Israel stands on the brink of a legislative coup. It has already given final passage to a bill which would legalize five settlements. The most prominent, Homesh, is built on land stolen from the Palestinian villages of Burka and Silat al-Dhahr. Israeli governments going back to Ariel Sharon’s in 2005 had agreed not to permit settlers to live there. As a result of this violation, the State Department took the extraordinary step of summoning the Israeli ambassador for as close to a dressing-down as a government beholden to the Israel Lobby can muster.
Coming up: final votes on the “judicial reform” package which would eviscerate both the Supreme Court and attorney general. They would virtually eliminate the Court’s ability to review legislation it determines Israeli Basic Law. In the event the court ruled against such a bill, the Knesset could override the ruling by a majority vote. In addition, the attorney general would no longer review legislation to ensure it adhered to the Basic Laws. The legal advisors for each ministry would also no longer be appointed independently according to civil service protocols, but by the minister instead. This would lead to ministers being unaccountable for regulations enacted.
These and many other legislative proposals would, as I’ve written here, turn Israel into a state of mafia clans marking out their turf and exploiting it for maximum financial reward.
What will be the outcome of this battle-royal between the prime minister’s ruling coalition, and the arms of government they are attempting to overthrow? There have been attempts at compromise made by the president and others. However, the radical libertarian element of the coalition, which is heavily funded and inspired by the US Tikvah fund (think a pro-Israel version of the Koch Brothers), is holding fast and refusing to compromise. If it continues along this route, it will certainly succeed in passing its legislative plan.
But almost certainly, the Supreme Court will rule all, or parts of it in violation of the Basic Laws. The attorney general, who has already made several rulings damaging to Netanyahu in light of his corruption trial, will also likely render an adverse verdict. Many in the media claim this will set off a “constitutional crisis.” Actually, Israel has no constitution (but that’s a discussion for another time). That’s not quite true. The Knesset can legislate all it wants. But rulings by the AG and Court trump the Knesset. And it will have no recourse but to obey.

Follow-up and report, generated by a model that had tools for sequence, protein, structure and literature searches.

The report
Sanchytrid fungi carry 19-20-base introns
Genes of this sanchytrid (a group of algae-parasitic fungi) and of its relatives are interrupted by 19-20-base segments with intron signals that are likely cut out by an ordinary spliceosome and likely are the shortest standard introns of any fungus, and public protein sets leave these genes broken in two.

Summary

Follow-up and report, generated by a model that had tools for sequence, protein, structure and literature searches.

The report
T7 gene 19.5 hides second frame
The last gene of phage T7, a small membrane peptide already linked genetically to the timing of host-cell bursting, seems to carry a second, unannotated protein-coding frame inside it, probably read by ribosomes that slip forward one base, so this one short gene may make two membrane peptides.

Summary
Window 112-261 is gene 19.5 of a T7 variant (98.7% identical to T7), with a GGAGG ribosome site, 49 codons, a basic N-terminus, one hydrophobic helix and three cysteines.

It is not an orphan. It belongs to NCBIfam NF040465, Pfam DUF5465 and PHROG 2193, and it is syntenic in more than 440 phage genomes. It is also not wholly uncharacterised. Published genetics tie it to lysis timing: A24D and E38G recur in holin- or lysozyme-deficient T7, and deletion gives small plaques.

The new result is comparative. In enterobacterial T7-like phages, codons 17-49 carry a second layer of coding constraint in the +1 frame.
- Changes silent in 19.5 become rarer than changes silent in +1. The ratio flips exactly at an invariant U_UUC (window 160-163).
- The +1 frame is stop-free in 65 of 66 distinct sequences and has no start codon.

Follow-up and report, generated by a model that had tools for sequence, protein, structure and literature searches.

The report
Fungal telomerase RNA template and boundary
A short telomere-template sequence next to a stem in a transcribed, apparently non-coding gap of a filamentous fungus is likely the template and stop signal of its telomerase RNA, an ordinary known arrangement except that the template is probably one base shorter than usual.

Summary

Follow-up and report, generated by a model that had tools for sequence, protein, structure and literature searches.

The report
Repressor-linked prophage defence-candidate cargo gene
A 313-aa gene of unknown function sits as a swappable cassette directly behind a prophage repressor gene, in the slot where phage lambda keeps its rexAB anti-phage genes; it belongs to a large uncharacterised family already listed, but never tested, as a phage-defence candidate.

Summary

Netanyahu, despite being encircled by extremist True Believers willing to march off a cliff to uphold their ideology, has been known to back down or compromise when driven into a corner. And these two powerful state institutions will likely put him there. In which case, either the coalition agenda falls apart or Netanyahu comes to the table to make a deal. Another option would be for the government to collapse and lead to new elections.
The other wild card in this scenario is the people themselves. Millions have protested for eleven weeks running against what they call the “regime change government.” Though such mass movements generally have a short shelf-life in Israeli politics, if they held fast to their rejection of the Netanyahu agenda, it could stiffen the spine of the Opposition in terms of its willingness to compromise.
Another longer-term option for the coup plotters is that they engage in a tactical withdrawal, while planning a strategic takeover of the Court and justice system. If they appoint all the upcoming Supreme Court judges and lower court jurists, eventually they will have a pliant Court which will do their bidding. And if they appoint an attorney general who will acquiesce to the putschists and agree to their diktat, then there will no longer be an independent judiciary or legal system.
Israel will then become a Middle Eastern version of Hungary, in which the judicial, media and education systems have all been captured by right-wingers and emptied of any former independence or vitality.